April 22, 2019

Romans 14 and Doubtful Things

In Romans chapter 14, the Apostle Paul addresses a conflict between certain believers at the church in Rome. Two issues were brought up, actually. The first one was about food. Specifically, some people thought that it was wrong to eat meat, and that believers should only eat vegetables. The second issue was about which holy days should be observed.

And Paul gave them the same answer for both questions:

Let each be convinced in his own mind. In other words, that issue isn’t really worth the stress it would place on one's relationship with other believers, so Paul suggests that the best resolution in cases like this is to simply live and let live.

If you want to eat only veggies, fine, do that. But if you like a good steak, feel free to chow down! Observe whichever holy days you see fit to observe - or don’t. Just be sure of two things:

1) That you are honoring God in your heart as you are doing (or not doing) these things, and…

2) Don’t try to force your opinion about these things on other people.

Now there were serious reasons why people were asking these questions, and they had to do with the culture both inside and around the new, growing church in Rome. Some of these early Christians were Jews that had come to believe that Jesus was their long-awaited Messiah, and the Jews of course followed quite a few traditions prescribed by Old Testament Law. But other new members of the church were Gentiles - basically anyone who wasn’t a Jew - and they naturally had other ideas about certain things. And of course, the culture outside the church was, in a word, worldly.

But Paul’s answer here does more than just settle the questions about these two topics. What we’re actually seeing is the establishment of the Biblical principle of CONSCIENCE. This is the principle which is to be followed whenever we confront what Paul referred to as doubtful disputations or doubtful things: disagreements over topics which aren’t directly addressed in scripture.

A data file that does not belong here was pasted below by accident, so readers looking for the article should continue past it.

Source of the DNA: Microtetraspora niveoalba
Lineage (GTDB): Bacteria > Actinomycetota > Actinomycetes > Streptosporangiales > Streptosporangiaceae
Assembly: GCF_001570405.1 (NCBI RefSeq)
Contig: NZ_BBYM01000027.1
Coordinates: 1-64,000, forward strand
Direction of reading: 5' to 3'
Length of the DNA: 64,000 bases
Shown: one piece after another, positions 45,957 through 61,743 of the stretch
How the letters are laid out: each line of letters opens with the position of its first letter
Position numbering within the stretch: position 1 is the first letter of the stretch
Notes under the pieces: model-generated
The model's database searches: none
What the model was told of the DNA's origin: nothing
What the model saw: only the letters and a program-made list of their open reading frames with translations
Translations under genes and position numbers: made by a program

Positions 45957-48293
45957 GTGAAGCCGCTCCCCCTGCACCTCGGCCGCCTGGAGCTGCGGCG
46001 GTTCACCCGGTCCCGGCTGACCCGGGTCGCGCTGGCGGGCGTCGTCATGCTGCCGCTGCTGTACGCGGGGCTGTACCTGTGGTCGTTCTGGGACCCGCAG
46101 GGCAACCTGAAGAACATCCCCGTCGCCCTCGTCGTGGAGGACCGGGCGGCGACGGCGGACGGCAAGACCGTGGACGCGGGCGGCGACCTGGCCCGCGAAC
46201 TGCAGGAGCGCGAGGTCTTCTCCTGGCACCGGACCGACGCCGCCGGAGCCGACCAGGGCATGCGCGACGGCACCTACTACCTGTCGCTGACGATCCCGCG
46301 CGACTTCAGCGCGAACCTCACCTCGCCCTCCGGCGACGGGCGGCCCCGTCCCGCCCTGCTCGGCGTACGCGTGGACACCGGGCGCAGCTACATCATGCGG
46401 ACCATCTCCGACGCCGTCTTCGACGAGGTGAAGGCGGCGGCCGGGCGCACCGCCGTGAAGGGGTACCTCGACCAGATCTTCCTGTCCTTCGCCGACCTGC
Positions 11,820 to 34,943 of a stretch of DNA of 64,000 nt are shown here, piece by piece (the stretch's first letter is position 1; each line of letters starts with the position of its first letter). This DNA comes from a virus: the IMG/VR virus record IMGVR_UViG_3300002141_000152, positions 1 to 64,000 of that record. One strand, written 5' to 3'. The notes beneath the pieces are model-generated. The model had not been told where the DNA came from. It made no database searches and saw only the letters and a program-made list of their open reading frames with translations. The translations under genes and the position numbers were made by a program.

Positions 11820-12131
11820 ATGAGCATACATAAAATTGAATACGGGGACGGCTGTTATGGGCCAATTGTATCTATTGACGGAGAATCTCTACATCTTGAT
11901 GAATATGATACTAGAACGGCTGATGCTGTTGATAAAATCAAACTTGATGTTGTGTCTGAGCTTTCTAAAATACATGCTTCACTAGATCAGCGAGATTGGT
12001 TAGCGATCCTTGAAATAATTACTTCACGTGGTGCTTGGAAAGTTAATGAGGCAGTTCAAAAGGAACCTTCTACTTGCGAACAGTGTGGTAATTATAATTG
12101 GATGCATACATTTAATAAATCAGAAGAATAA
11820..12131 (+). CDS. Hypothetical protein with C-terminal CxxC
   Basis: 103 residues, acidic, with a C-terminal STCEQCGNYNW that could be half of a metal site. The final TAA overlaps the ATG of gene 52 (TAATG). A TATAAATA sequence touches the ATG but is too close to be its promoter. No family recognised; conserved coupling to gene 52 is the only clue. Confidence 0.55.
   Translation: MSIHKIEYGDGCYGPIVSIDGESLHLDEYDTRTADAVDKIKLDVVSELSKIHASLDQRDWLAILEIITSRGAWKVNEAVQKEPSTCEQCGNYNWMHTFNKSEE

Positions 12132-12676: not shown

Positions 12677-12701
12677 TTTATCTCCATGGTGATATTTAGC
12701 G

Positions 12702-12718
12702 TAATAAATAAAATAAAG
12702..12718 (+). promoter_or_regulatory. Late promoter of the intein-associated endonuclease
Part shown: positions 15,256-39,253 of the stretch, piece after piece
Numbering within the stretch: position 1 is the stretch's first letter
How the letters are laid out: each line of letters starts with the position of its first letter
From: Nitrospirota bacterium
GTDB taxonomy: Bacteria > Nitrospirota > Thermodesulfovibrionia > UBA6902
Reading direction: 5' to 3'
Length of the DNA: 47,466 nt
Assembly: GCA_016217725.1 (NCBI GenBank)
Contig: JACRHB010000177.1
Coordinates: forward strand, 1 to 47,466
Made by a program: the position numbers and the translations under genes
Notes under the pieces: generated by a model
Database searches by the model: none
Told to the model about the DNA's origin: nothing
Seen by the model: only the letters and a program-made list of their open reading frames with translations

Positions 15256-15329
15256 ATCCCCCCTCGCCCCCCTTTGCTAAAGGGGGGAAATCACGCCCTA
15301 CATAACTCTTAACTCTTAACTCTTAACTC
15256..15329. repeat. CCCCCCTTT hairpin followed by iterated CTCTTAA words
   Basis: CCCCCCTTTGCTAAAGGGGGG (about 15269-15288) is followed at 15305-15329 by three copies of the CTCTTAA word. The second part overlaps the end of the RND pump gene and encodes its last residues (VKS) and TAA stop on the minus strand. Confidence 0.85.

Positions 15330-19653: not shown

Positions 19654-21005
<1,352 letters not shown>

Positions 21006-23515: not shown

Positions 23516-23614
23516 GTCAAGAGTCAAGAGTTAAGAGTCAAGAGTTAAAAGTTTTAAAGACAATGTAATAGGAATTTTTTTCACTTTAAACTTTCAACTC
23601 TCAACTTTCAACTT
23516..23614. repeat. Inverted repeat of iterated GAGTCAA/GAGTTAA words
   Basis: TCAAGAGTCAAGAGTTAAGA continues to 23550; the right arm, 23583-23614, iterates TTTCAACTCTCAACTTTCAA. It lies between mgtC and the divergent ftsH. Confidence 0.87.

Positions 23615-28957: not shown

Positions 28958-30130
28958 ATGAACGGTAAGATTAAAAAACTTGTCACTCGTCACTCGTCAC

Paul essentially says that if God has given you the liberty to do this or that, then by all means, go ahead and do it! (Or abstain from it, if you prefer!) 

DISCLAIMER: It’s very important to mention that this liberty only pertains to things which are not specifically mentioned in scripture (and yes, we’re talking about Old Testament Law here). So if scripture says that action X is a sin, then it IS a sin. The New Testament (or New Covenant), based on Christ’s atoning death, is a new solution to the problem of sin. It does not change the definition of sin. We don’t get to have opinions about it. Sin, as they say, is sin.

But the Bible doesn’t specifically mention every possible action that a person could take. That was true in the book of Genesis with Adam & Eve, it was true in the first century church, and it’s true today. Of course, we now have many, many more options available to us than in times past, which makes it that much more important for US to understand this Biblical principle of conscience.

Here’s how it works: Paul mentions that if a person believes that action X is a sin, then for that person, action X IS ACTUALLY a sin! For that person, action X leads to the same internal consequences as any other sin, because if they were to participate in it, they would feel guilt, remorse, and shame. It violates their conscience in exactly the same way that any of the explicitly named sins would do.

And because of this, you have to be careful not to try to force someone to agree with you on matters like this. That’s where this whole idea of the stumbling block comes in, and it also happens to be one of the areas in which the church has failed… miserably.